In Arminak & Associates Inc. v. Apollo Health and Beauty Care, an October 3, 2014 decision by D.M. Brown J., it was held that a party to a summary judgment motion cannot seek leave to appeal a ruling made by a motion judge during the course of a motion, before the motion judge has finally disposed of the motion.

The plaintiffs brought a motion for summary judgment. The motion judge adjourned the motion and gave directions about the delivery of further evidence. He also required the parties to agree upon a schedule for the continuation of the motion.

Instead of complying with the order, the plaintiffs served a notice of motion seeking leave to appeal the interlocutory order of the motion judge to the Divisional Court pursuant to Rule 62.02(4) of the Rules of Civil Procedure.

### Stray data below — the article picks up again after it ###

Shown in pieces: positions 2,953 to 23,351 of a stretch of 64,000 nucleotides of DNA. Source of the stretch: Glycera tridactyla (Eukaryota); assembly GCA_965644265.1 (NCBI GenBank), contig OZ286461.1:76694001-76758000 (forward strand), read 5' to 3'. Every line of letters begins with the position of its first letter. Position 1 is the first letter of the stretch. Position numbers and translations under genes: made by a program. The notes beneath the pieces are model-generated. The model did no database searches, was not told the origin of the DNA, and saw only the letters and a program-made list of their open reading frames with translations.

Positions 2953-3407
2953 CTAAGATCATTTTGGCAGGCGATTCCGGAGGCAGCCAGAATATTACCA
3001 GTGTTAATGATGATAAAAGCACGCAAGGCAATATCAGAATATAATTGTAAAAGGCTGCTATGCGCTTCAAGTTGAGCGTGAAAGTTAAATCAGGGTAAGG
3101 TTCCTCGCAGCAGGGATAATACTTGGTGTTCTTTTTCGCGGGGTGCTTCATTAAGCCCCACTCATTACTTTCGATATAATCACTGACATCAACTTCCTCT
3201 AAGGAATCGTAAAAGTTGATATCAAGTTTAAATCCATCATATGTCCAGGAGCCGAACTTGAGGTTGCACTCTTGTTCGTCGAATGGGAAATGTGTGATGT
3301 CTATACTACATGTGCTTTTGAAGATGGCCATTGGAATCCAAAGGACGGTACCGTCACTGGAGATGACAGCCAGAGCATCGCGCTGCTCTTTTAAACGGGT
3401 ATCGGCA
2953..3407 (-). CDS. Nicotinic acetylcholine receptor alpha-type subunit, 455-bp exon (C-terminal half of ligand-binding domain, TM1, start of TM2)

In reaching his conclusion that the appeal was premature, D.M. Brown J., relied on the Supreme Court of Canada’s observations in Hryniak v. Mauldin: “The Ontario Rules and a superior court’s inherent jurisdiction permit a motion judge to be involved early in the life of a motion, in order to control the size of the record, and to remain active in the event the motion does not resolve the entire action.”

D.M. Brown J. observed that pre-disposition appeals of summary judgment motions, “seriously offend the fundamental principle set out in Rule 1.04(1) that courts must act to secure the fair, timely and cost-effective determination of civil proceedings on their merits.”